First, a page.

The editor of a New York exploitation newspaper meets the wife he had abandoned years ago, while using another name, at a LonelyHearts ball sponsored by his newspaper. She threatens to ... See full summary »
A police lt. is ordered to stop investigating deadly crime boss Mr. Brown, because he hasn't been able to get any hard evidence against him. He then goes after Brown's girlfriend who despises him, for information instead.
Since he was a child, Bart Tare has always loved guns. After leaving the army, his friends take him to a carnival, where he meets the perfect girl, Annie, a sharp-shooting sideshow performer who loves guns as much as he. The two run off and marry, but Annie isn't happy with their financial situation, so at her behest the couple begins a crosscountry string of daring robberies. Never one to use guns for killing, Bart is dragged down into oblivion by the greedy and violent nature of the woman he loves. Written by
Martin Lewison <firstname.lastname@example.org>
Although Bart and Laurie are loosely based on Bonnie Parker and Clyde Barrow, the scene in which they hold up the factory appears to have been inspired by a holdup at the Nashville, Arkansas, Coca-Cola factory in 1938 by two men, Floyd Hamilton and Huron "Terrible Ted" Walters. Hamilton was a former associate of Bonnie and Clyde's. See more »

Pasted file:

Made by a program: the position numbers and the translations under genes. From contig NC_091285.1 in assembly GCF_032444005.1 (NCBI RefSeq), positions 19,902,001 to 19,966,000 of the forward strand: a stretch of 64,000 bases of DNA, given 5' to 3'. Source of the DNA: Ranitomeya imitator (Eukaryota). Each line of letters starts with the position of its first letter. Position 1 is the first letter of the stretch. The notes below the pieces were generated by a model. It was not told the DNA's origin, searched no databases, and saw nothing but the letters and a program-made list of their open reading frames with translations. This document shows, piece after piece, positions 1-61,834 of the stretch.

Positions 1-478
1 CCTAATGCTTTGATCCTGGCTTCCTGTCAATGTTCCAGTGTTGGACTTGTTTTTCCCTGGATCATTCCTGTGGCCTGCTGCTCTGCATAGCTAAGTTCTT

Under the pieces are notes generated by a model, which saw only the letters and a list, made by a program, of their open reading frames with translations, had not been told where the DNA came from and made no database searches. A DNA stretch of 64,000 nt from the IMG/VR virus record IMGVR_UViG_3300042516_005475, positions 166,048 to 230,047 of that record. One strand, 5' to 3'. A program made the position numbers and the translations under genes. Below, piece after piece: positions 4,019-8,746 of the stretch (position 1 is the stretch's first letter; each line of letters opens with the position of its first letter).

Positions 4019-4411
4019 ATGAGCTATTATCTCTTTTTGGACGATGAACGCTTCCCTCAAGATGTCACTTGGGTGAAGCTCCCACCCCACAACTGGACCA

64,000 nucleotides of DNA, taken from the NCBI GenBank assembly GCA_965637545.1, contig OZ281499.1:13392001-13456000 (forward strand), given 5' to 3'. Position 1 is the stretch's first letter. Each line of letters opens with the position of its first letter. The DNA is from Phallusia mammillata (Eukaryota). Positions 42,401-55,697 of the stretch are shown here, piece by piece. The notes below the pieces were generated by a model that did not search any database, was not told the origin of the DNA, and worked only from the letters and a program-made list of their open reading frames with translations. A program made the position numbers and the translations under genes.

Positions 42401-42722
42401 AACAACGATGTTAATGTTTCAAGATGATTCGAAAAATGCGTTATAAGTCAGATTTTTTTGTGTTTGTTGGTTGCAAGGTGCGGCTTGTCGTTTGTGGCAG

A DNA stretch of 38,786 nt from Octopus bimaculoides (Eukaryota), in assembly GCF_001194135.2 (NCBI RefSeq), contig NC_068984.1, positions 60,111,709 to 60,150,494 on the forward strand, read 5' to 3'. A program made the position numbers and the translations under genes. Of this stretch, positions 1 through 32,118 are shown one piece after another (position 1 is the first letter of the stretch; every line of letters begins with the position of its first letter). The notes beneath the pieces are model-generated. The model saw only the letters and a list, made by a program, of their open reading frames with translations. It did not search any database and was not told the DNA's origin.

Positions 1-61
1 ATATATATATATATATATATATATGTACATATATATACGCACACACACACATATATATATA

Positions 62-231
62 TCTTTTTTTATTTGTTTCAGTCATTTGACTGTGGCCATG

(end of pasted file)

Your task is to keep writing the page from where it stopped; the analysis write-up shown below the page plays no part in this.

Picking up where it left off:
A shadow is visible on Bart as he walks through the meat packing plant. See more »
I had heard a lot about this when I first discovered "film noir," and I was not disappointed. It was very entertaining. I still enjoy watching this periodically, even after a half-dozen viewings.
John Dall and Peggy Cummins make one of the more interesting male-female pairings I've ever seen on film. Cummins is one of the prettiest women I've seen from the noir era and fascinating to view throughout this movie. I'm sorry her other films aren't on video. She didn't do many movies in the U.S.
The character Dall plays is good, too, although in the end his constant whining over the predicament he got into gets a little annoying. He plays the nice guy who is led astray by the bad woman. Yes, another classic example of the old Rabbinic saying that "a bad woman will always drag down a good man."
Innovative camera-work also make this fun to watch. At just under an hour-and- a-half, this is a fast-moving, always-entertaining film noir that lives up to its hype.
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